by Ruth Nicolaus

Inter-State Fair remembers 10 year anniversary of flood


Coffeyville, Kan.  (January 2018)  – Ten and a half years ago, a devastating flood hit the Coffeyville area, and it paused a long-standing tradition.


When the Verdigris River flooded on July 1, 2007, the water poured over the levee and flooded the east side of Coffeyville, and the fairgrounds for the Inter-State Fair and Rodeo.


And what would have been the 100th anniversary of the Inter-State Fair and Rodeo was canceled.


The Verdigris River, which borders the fairgrounds on the east side, flooded the fairgrounds with ten feet of water, and with the fair and rodeo five weeks away, the decision was made to cancel that year’s event.


Adding to the misery of the flooding was that the water reached four feet above the levees surrounding the refinery in town, and about 90,000 gallons of crude oil was added to the floodwaters.


When the fair and rodeo committee met four days after the flood hit, it was difficult to face reality, said John Rinkenbaugh, who was the rodeo chairman then. “A bunch of us were having a hard time admitting we weren’t going to have a fair (and rodeo),” he said. Joe Humble, who was then the chief of police for the city, and now is the rodeo chairman, put it bluntly. “He had been to the fairgrounds,” Rinkenbaugh remembers, “and he said, there is no way. There is no way we can recover from this quickly enough to put on a fair and rodeo.”


So, for the second time in its 100 year history, the fair was canceled. The only other time it had been canceled was in 1943, due to World War II.

The arena and pens withstood the water damage, but the buildings at the fairgrounds did not. All the structures at the fairgrounds had to be cleaned to remove oil and mold damage, and the refinery cleaned them, along with every building that had flood and oil damage in the city. The old Floral Building, which was home to the inside exhibits, was so damaged it could not be renovated, and it was torn down. The Ron Stevenson building, which hosts the poultry and rabbits, was renovated, and the recreation center, which is where the 4-H and open class exhibits are housed, was not quite ready for the 2008 fair, but it was finished enough that it could be used.


The flood hit the east side of Coffeyville the hardest, and the mold, along with the oil, damaged structures beyond repair. The refinery purchased 327 houses, and tore them down, and offered businesses to be professionally cleaned.


For Rinkenbaugh, one of the hardest things was calling the rodeo contract personnel to tell them the rodeo was canceled. He remembers what Bennie Beutler of Beutler and Son Rodeo Co. told him. “Bennie told me, don’t worry about us,” Rinkenbaugh said. “He almost said that before I got done telling him. ‘We’ll be all right, John,’ he said. He wanted to make sure I wasn’t worried about it.”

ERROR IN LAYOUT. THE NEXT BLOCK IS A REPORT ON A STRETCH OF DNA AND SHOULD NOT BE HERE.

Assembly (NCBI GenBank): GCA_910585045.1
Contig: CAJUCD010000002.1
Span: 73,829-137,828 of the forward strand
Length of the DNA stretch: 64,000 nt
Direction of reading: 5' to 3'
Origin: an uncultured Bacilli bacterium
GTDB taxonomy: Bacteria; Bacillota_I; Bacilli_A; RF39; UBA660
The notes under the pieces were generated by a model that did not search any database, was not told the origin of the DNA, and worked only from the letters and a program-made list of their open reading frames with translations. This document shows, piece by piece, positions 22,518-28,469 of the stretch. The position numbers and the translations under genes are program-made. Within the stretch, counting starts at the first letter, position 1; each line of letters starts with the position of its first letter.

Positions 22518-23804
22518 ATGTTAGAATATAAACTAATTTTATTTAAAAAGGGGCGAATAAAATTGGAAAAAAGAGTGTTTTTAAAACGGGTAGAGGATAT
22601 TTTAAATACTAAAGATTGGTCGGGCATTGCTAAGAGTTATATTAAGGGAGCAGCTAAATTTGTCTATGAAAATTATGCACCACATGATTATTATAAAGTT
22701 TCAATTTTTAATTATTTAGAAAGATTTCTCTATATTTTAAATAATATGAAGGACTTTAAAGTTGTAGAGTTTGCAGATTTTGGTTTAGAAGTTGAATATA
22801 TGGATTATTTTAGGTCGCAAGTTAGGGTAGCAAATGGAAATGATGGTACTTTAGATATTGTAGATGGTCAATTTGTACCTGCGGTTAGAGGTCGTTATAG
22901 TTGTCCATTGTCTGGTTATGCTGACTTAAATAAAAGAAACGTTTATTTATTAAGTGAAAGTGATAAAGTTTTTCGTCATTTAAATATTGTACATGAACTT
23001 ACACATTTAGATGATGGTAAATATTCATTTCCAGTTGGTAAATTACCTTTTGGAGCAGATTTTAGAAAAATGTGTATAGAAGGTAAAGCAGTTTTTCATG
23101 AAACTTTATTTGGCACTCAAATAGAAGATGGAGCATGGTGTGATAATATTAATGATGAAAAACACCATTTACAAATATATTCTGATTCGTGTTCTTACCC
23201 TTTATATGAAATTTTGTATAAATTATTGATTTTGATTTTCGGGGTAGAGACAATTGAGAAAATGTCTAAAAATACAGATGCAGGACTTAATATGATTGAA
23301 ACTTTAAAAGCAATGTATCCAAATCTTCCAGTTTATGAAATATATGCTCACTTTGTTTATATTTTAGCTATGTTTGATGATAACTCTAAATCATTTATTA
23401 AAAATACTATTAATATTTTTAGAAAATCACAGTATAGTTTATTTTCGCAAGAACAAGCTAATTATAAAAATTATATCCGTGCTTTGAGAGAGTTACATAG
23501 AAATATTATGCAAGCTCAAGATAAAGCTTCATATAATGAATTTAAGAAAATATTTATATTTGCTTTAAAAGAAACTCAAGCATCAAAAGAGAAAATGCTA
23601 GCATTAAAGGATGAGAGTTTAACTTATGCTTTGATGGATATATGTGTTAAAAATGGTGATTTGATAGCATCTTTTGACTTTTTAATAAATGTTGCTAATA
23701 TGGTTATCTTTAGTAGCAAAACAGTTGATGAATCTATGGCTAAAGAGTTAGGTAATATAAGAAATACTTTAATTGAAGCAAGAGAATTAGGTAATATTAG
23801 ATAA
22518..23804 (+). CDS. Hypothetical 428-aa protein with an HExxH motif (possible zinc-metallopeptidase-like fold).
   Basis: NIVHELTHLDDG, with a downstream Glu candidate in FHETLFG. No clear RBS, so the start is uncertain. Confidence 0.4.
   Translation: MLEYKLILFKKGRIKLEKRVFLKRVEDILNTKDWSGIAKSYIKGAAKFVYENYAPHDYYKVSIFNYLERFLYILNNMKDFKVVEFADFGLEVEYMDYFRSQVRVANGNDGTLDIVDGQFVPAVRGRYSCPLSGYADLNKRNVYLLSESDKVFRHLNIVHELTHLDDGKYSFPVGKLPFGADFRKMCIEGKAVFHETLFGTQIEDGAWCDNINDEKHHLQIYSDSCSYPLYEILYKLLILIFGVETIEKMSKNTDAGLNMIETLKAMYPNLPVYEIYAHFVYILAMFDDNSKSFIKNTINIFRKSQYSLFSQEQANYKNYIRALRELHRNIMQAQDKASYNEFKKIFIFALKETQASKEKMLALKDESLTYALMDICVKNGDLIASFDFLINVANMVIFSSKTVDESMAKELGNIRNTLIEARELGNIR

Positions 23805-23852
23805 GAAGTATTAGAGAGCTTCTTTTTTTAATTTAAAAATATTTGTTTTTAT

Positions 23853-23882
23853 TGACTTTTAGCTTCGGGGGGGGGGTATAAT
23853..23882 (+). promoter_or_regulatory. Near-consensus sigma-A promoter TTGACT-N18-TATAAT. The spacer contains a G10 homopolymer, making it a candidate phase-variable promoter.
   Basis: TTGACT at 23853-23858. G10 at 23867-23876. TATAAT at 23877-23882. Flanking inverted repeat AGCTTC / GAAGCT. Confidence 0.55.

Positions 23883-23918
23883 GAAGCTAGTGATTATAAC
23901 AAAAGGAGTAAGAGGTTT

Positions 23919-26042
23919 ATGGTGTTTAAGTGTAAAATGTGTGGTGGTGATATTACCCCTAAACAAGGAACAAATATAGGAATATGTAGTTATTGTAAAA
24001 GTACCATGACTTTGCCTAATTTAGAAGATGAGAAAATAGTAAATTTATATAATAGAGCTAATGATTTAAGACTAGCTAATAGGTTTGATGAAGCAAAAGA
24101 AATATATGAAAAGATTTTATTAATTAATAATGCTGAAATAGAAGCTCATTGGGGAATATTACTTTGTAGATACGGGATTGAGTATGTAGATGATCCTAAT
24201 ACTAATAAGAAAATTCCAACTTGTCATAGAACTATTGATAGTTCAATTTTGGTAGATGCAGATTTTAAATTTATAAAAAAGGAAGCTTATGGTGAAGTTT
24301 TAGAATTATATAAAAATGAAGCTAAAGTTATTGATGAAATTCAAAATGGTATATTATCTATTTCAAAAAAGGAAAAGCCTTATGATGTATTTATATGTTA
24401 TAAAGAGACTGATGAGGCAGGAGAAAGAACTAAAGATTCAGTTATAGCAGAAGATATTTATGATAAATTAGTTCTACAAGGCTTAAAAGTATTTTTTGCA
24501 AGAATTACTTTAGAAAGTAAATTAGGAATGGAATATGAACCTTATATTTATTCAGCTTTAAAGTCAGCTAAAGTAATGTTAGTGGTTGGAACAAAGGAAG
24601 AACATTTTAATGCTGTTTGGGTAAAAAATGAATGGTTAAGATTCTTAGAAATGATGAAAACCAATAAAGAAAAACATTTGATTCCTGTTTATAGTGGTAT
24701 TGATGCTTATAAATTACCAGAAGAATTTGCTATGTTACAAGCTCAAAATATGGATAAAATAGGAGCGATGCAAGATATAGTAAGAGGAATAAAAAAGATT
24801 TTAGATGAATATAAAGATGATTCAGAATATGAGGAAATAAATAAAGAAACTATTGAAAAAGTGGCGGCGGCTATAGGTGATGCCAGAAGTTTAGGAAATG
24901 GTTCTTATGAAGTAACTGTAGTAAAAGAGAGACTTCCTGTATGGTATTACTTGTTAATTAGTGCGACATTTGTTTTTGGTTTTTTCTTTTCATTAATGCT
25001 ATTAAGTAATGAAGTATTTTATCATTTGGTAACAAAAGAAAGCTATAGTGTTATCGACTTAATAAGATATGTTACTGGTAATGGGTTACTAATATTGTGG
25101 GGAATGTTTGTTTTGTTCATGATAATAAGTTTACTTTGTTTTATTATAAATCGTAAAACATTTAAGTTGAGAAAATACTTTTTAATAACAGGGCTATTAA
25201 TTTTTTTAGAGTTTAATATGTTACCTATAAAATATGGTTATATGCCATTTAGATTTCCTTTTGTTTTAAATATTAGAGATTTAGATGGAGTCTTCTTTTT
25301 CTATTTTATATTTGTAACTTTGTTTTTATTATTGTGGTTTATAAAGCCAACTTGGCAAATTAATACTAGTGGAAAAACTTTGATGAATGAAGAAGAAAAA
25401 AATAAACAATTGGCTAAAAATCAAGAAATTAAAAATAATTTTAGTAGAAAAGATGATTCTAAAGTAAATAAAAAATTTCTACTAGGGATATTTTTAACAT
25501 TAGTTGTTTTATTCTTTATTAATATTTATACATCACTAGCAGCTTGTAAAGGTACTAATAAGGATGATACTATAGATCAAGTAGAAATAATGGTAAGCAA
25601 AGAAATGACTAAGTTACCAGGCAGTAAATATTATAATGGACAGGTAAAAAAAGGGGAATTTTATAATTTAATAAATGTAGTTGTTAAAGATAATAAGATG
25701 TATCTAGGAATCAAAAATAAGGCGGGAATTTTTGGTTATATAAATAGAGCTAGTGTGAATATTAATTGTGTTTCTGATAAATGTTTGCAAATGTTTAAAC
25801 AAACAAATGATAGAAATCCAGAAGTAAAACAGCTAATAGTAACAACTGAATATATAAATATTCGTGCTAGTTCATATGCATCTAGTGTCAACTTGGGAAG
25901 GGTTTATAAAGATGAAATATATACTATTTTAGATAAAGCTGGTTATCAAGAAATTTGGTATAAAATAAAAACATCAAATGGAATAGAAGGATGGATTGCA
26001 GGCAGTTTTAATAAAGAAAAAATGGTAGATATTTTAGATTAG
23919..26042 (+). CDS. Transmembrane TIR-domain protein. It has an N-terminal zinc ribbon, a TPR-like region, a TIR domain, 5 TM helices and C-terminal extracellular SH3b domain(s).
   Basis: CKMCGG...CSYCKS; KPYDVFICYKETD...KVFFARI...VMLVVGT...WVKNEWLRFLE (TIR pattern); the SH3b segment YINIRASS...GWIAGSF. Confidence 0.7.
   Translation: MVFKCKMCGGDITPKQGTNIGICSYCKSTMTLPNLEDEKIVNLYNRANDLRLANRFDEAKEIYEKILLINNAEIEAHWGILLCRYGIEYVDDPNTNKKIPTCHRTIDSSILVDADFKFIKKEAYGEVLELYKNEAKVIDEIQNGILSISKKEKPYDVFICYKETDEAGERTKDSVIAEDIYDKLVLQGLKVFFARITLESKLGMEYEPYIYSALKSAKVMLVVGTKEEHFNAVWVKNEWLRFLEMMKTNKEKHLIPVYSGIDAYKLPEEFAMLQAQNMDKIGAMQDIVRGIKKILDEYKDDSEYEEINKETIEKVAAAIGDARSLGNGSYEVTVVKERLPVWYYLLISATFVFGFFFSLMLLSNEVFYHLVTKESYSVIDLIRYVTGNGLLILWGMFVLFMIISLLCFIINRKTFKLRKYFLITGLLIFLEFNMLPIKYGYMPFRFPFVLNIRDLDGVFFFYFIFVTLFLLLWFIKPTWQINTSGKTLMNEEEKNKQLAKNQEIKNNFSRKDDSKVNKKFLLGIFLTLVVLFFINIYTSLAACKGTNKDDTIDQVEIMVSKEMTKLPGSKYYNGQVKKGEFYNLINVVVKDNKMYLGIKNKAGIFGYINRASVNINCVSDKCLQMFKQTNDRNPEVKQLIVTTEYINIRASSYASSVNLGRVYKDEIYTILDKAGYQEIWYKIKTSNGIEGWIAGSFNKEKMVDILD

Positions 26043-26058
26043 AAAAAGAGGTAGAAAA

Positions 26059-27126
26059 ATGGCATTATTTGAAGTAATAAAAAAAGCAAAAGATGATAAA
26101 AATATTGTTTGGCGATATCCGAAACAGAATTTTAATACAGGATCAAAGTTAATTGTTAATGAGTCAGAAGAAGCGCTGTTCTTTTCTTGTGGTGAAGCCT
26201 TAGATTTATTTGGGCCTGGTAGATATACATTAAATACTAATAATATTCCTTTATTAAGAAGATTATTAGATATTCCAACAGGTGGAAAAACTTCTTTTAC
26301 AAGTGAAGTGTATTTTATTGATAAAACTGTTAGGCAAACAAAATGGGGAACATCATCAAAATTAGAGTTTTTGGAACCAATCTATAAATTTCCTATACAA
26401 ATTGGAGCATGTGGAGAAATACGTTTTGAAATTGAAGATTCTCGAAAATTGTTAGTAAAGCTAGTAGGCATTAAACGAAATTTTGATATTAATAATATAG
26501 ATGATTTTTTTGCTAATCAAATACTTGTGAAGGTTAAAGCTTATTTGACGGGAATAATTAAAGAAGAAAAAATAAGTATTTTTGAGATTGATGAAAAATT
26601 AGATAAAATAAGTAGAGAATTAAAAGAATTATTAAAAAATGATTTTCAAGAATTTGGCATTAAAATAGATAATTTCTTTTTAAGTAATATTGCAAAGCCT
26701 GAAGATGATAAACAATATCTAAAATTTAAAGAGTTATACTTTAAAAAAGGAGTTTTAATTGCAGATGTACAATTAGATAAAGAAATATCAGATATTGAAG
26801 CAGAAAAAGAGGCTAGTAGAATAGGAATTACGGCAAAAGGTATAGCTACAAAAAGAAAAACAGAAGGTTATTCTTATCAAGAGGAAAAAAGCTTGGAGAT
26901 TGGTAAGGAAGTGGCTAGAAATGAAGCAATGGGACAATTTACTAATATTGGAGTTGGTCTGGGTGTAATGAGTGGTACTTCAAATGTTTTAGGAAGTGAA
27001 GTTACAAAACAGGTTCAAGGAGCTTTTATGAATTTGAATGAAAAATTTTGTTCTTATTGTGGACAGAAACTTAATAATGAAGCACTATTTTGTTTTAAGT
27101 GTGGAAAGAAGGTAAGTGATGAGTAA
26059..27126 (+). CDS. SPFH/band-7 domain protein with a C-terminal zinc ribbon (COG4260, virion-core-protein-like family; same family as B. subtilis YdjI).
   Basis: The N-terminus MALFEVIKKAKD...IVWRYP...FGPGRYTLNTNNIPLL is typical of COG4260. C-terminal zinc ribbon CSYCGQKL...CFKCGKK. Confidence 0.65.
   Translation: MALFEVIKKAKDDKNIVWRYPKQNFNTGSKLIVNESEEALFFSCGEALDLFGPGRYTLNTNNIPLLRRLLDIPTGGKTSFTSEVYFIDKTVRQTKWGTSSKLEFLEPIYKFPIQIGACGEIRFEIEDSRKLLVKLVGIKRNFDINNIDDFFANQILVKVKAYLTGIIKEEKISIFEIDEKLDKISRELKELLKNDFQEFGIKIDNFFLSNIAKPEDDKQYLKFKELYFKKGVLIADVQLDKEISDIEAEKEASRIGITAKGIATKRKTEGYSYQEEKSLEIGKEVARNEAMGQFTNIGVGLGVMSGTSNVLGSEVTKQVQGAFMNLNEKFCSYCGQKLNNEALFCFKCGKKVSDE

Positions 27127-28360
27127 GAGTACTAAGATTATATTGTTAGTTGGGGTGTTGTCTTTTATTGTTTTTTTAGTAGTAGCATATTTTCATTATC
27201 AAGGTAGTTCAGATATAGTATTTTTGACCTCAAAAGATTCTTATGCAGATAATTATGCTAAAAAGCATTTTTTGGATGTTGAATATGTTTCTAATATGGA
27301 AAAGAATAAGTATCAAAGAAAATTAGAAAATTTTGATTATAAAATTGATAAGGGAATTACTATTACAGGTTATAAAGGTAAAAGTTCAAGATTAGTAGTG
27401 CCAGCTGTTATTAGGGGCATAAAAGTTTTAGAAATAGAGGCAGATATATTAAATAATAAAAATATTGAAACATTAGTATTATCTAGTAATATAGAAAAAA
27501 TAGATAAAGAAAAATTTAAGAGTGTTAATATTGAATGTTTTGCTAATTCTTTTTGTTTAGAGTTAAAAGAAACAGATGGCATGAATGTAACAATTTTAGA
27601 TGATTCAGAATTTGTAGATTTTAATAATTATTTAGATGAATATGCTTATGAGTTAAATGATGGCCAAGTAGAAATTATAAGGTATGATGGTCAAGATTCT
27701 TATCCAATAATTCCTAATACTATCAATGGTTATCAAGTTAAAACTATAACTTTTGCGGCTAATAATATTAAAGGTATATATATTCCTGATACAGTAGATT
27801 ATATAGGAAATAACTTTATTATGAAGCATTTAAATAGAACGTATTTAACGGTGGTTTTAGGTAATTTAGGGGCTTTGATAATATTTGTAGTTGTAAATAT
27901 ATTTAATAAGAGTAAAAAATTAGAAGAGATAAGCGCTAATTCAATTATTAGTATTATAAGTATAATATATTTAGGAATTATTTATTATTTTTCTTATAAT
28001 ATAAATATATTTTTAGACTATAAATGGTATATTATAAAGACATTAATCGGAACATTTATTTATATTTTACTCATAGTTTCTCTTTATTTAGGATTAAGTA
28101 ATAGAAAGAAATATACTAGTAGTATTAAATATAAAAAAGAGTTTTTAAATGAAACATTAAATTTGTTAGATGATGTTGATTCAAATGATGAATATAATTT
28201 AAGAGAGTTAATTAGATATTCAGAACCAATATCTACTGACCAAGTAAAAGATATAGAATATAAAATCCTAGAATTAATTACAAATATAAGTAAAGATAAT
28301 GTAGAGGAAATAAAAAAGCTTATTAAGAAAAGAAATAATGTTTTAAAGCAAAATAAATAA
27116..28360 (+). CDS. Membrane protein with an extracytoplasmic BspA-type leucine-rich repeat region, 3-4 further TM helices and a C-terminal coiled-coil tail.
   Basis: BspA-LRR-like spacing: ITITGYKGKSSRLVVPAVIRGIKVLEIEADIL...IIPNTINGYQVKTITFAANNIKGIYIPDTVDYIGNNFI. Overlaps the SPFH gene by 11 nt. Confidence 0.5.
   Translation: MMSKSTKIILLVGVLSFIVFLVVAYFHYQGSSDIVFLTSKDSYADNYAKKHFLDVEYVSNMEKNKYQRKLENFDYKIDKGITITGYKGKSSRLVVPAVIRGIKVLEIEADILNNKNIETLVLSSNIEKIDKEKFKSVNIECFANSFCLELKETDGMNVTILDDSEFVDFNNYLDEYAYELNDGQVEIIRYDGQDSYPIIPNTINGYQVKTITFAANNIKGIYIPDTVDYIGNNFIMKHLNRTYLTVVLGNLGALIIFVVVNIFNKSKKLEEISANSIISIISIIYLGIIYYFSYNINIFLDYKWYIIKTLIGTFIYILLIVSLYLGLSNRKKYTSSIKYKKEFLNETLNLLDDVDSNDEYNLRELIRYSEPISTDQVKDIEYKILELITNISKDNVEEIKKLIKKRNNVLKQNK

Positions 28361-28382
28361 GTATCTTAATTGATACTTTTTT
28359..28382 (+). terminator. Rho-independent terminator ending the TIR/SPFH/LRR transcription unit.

The flood destroyed several hotels, which were not rebuilt in time for the 2008 event, so Rinkenbaugh had to find RVs and campers for contract personnel to stay in during the event.


The Inter-State Fair hosts a large regional junior livestock show, and even though the show couldn’t be held, it was decided that the market sale should occur. Doug Ott, a local attorney whose children showed sheep, came to the fair board meeting and pleaded that the fair host a sale. “Those kids had worked hard all summer,” Rinkenbaugh said, and even though there wouldn’t be any livestock shows, the sale took place.


Water poured over the levee for 2 ½ days, and people were not allowed back into their homes for 10 days, said Cindy Price, city clerk.  Six of the city’s seven hotels were damaged or destroyed, along with five restaurants, four convenience stores, and a grocery store. The city sales tax decreased as people were unable to work due to damaged businesses and homes.


But the flood also brought people together, Rinkenbaugh said. “Everybody had a common cause, a common goal. You set aside petty stuff and see the bigger picture. It’s funny how with a disaster like that, there’s a good side to it.”


And ten years later, the Inter-State Fair and Rodeo is going strong. “The fair and rodeo came out all right, other than missing a year,” Rinkenbaugh said.


This year’s Fair and Rodeo will be held the second week of August, at Walter Johnson Park in Coffeyville, and will include a pro rodeo and a bull riding. For more information, a complete schedule, and to purchase tickets, visit the website at www.FairAndRodeo.com or call the Coffeyville Area Chamber of Commerce at 620.251.2550.

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